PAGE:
Lehpron, those numbers are a bit off.
The sun's energy hitting the earth is equivalent to about 1000 watts per square meter. However, we can't harness nearly that much.
Standard solar panels may (and this is a very generous estimate) be able to collect 200 Watts (though some may have the potential to get better performance still). On a cloudy day, this can drop below 40 Watts. Figuring on a very
generous 250 watt average per square meter, you need 4,000 square meters per megawatt, or 1,600,000 square meters to equal a typical nuclear reactor (more if there happens to be a cloud or two).
That means you need a clear sky and 400 acres of solar panels to generate 400MW.
If you figure that solar panels, bought in bulk, cost $400 per square meter (looking at some rooftop models, square meter cost was between $600 and $1000), you can expect to spend $640,000,000. $640 million for just for panels. Add the cost of all the structural supports for the panels, machinery that turns them to an optimum position, the cost of the land, etc... your easily talking a billion dollars.
And the above is an extremely generous estimate. Solar I, which operated in the 1980s, produced 10MW
and took up 100 acres. It used a different technology (directed the solar energy with mirrors to power a furnace) that was much cheaper, but it still was not financially viable.
, the largest solar plant in the world, generates 80MW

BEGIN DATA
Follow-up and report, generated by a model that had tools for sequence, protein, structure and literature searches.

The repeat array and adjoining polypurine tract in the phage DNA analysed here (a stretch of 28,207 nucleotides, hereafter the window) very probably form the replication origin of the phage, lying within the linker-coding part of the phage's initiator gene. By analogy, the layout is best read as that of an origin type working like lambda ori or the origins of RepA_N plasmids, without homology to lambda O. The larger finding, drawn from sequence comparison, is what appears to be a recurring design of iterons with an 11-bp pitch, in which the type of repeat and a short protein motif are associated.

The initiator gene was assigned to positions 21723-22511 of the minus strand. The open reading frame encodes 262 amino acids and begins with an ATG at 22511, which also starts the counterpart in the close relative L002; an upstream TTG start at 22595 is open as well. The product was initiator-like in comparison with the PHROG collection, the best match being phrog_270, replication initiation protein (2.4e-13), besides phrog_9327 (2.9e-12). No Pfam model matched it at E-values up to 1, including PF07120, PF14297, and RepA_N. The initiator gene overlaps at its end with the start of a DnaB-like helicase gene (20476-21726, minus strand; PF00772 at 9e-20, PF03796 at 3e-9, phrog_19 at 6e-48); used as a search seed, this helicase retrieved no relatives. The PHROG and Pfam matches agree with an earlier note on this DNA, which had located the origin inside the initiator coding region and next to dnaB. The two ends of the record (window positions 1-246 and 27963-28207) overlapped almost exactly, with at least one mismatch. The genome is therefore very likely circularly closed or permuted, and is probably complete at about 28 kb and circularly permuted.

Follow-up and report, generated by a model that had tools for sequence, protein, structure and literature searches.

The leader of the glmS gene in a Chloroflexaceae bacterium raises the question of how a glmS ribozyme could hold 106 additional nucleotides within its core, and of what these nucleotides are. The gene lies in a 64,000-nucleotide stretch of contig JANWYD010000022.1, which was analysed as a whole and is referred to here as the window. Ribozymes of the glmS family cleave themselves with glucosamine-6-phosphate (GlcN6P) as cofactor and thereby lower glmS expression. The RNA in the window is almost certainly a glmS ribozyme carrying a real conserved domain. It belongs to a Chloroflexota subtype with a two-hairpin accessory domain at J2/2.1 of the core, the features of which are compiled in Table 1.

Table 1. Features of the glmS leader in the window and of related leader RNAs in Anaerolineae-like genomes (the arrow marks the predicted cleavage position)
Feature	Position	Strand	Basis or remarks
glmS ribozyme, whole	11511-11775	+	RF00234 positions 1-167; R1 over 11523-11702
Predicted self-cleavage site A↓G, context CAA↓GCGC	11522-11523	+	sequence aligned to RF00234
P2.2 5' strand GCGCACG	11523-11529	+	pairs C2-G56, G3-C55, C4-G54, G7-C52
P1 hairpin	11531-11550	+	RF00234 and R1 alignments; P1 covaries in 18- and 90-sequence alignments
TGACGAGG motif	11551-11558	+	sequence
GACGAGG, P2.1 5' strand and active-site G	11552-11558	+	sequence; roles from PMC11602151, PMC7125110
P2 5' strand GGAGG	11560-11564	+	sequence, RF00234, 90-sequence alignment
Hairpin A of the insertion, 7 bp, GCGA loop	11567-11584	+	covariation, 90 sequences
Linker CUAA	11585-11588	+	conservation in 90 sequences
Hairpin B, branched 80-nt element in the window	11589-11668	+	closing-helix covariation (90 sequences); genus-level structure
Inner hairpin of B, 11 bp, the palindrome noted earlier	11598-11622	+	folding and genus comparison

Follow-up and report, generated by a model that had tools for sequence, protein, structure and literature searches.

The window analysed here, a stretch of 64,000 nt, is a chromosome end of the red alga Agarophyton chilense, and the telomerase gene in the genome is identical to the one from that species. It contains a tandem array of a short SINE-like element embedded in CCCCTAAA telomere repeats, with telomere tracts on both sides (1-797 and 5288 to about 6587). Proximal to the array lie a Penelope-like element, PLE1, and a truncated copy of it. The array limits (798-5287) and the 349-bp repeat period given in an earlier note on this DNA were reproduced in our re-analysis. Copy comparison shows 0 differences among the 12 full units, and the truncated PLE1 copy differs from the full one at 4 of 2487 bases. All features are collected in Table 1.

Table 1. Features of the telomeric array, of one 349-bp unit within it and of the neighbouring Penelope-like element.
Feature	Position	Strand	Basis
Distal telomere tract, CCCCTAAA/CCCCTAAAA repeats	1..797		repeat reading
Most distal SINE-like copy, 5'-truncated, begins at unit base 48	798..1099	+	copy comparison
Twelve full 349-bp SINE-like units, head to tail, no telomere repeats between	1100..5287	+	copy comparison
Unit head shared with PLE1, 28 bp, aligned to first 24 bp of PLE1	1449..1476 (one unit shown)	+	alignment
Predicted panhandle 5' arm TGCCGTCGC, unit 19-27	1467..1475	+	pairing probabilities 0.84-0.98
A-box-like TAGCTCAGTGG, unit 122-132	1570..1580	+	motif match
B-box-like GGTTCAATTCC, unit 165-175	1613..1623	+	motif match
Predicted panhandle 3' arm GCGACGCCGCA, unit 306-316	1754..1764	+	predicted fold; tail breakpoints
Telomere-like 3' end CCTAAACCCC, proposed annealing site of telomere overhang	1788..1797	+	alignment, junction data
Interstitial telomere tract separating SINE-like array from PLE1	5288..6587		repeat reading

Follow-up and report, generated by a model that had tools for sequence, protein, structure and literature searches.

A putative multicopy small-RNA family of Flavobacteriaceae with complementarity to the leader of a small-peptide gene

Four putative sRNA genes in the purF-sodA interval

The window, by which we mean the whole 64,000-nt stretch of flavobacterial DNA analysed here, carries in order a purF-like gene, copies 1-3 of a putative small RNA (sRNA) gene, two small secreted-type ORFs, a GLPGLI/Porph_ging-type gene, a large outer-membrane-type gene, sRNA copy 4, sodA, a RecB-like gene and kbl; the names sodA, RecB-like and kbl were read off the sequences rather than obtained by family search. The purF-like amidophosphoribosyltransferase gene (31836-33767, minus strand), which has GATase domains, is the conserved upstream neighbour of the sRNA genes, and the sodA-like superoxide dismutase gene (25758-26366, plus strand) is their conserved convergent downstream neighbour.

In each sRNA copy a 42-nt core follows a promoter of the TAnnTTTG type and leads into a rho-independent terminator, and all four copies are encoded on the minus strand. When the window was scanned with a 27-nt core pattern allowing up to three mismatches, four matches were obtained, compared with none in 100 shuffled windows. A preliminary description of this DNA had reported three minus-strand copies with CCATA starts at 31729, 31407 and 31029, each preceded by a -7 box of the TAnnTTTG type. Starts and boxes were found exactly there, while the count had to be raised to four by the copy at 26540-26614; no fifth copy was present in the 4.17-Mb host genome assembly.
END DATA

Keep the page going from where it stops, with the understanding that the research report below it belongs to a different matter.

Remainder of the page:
and takes up 1,000 acres... at that ratio, it would take 5,000 acres to produce the power of one nuclear plant.
Conservatively, a 400 MW
power plant would cost about $3,000 per kilowatt (according to a study done investigating the SEGS program and its applicability to Hawaii... the Hawaii SEGS would of cost 4,500 per kilowatt because of land costs.) This puts the cost of a 400 megawatt array at 1.2 billion.
In 2004, one estimate put US power demand at 709 Gigawatts. to produce 10% of that energy (70.9GW) with solar power, it would cost a staggering 212.7 billion dollars... and that assumes that the 177,250 acres needed all cost $1,000 each and have no cloud cover 300 days or more per year. And that’s 10%. For 100%, you'd need an area of land at $1,000 an acre, and sun at least 300 days a year, 10% larger than the state of Delaware (just shy of a 2,800 square mile, or 1772162 acre power plant), costing 2.127 trillion dollars.
Now we can talk about Europe
Solar power is a great idea, but it is not yet feasible. Perhaps new technology will be developed that will allow us to inexpensively gather 90% of the suns energy, instead of less than 30%, but until then, widespread solar use will remain a dream.